Qatar’s ambassador to Germany was urged on Monday to abolish his country’s death penalty for homosexuality at a human rights congress organized by the German football federation, two months before the Middle East country is set to host the World Cup.
Fan representative at the Congress in Frankfurt, Dario Minden, switched to English to address Qatar’s ambassador Abdullah bin Mohammed bin Saud Al Thani directly.
“I’m a man and I love men,” Minden said. “I do – please don’t be shocked – have sex with other men. It’s normal. So please get used to it, or stay away from football. Because the most important rule in football is football that’s for everyone. It doesn’t matter if you’re lesbian, if you’re gay. It’s for everyone. Boys. Girls. And everyone in between.”
Minden continued: “Therefore abolish the death penalty. Eliminate all punishments regarding sexual and gender identity. The rule that football is for everyone is very important. We can’t allow you to break it, no matter what you do.” No matter how rich. You are welcome to join the international football community and, of course, host a big tournament. But that’s what happens in sports. You have to accept the rules.”
Al Thani was later to be given a chance to respond, although his comments were to remain off the record. Only the initial 90 minutes of the federation’s congress were broadcast to the public and no journalists were invited to the event.
A representative of the Federation of Fans and Extremists from Germany took the stage to address the DFB’s conference on human rights in Qatar ahead of the World Cup.
Here is his personal speech on LGBT rights in the country, addressed directly to Qatar’s ambassador to Germany. pic.twitter.com/ODYZrsYWyq
— DW Sports (@dw_sports) September 19, 2022
Federation spokesman Stephen Simon said it was not the organization’s decision to keep the congressional majority off camera, but that “we received explicit requests from some participants that they wish to discuss these matters internally with us. Didn’t want to discuss the issue. We respected that.”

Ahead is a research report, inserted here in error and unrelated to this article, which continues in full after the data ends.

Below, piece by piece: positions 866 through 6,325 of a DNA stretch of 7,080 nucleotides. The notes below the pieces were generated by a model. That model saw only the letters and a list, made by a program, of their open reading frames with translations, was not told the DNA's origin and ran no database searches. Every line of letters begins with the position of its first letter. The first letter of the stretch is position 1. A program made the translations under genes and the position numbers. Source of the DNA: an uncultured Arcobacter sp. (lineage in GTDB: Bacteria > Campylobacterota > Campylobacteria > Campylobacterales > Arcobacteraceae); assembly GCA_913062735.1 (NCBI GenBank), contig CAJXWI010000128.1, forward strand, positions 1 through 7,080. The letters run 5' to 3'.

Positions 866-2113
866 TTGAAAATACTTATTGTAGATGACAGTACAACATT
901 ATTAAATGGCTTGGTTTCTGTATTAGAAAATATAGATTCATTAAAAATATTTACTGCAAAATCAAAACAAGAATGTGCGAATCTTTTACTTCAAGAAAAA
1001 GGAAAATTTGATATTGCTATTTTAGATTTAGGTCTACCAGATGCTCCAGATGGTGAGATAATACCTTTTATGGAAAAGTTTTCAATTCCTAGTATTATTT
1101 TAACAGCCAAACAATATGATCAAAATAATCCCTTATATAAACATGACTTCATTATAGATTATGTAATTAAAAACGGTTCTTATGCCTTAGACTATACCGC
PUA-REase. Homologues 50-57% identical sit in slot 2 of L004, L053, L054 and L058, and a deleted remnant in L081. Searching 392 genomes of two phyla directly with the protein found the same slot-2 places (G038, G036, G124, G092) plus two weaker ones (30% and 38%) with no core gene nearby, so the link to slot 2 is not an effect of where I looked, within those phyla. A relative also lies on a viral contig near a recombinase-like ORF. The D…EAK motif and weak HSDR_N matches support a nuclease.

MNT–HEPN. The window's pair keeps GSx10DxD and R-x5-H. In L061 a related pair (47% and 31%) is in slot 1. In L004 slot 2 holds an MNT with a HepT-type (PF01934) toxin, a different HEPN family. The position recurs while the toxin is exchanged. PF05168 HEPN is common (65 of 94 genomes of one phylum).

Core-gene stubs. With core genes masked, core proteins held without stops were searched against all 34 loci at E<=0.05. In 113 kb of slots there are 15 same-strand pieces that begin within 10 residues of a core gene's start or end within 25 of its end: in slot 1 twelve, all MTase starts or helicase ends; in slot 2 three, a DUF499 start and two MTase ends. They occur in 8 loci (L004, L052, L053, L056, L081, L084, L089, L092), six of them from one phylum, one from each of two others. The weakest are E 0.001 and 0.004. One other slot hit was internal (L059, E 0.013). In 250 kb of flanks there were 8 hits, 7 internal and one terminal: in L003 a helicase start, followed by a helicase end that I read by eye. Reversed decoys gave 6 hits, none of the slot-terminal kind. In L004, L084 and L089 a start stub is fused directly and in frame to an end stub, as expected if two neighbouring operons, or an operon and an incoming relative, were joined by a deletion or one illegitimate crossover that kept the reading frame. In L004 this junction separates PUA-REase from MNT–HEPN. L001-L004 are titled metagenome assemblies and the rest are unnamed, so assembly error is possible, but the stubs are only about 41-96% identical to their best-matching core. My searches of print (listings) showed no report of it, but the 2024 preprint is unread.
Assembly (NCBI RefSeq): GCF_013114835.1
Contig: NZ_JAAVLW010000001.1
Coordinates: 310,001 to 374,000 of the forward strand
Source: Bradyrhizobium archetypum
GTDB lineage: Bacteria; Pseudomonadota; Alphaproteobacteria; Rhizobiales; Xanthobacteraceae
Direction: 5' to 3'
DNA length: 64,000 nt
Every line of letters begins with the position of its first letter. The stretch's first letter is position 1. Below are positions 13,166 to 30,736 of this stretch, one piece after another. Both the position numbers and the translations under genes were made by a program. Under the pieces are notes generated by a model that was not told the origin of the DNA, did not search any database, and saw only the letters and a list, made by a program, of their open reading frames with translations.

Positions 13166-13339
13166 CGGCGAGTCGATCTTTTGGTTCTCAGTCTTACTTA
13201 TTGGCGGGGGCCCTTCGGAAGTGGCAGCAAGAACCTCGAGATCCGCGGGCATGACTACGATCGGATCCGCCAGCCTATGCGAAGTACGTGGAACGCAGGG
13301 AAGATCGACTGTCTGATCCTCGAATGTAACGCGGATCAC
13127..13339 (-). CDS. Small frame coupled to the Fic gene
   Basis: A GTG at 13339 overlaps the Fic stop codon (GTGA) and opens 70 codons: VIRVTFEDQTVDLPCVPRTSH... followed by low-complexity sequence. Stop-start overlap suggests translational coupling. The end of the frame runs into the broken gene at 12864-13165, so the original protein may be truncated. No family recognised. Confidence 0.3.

Qatar’s laws and society have come under scrutiny over the past decade. Major General Abdulaziz Abdullah Al Ansari, a senior leader overseeing security for the tournament, previously told The Associated Press That rainbow flags could be taken from fans at the World Cup in Qatar to protect them from attack for promoting gay rights.
Al Ansari stressed that LGBTQ couples would still be welcome and accepted in Qatar for the World Cup, despite the criminalization of same-sex relationships in the conservative Gulf country.
Before Minden spoke on Monday, Al Thani complained to Congress that the human rights issue was diverting attention from the tournament.
“We care about all human rights. But if I had focused not only on one topic, but the enjoyment of football and the impact of football on people around the world, I would have enjoyed (it) more,” said Al Thani.
Ambassador mentioned the last World Cup in Russia, its invasion and annexation of Crimea Ukraineand human rights abuses in that country, “and it was not noticed, neither by Germany, nor by any country in Europe.”
Al Thani said Qatar has ended the controversial Kafala system that requires migrant workers to have a sponsor, a system that has left many workers vulnerable to abuse and exploitation, and that the country has claimed the workers. Minimum Working Wage and Compensation Fund has been introduced to rights infringement.
“Yes, we are not perfect. We are not claiming that we are perfect, but this is a journey we will write,” said Al Thani.
The ambassador invited football fans to visit himself to “enjoy football, see different cultures”, and meet migrant workers upon arrival. “You will see them in hotels. You will see them in public transport. Ask them,” said Al Thani.
He then referred to Bayern Munich’s long-standing sponsorship deal with Qatar.
“Bayern Munich has been coming to Doha for a winter camp for the last four or five years. Why don’t they speak out? Why don’t they say that they have been to Doha? (If) they think it is appalling, say it publicly or keep quiet,” Al Thani said. “Because you know, you have the ability to be there. You have the ability to meet people, talk to them. If you think something is wrong, say, don’t hide behind the bush.”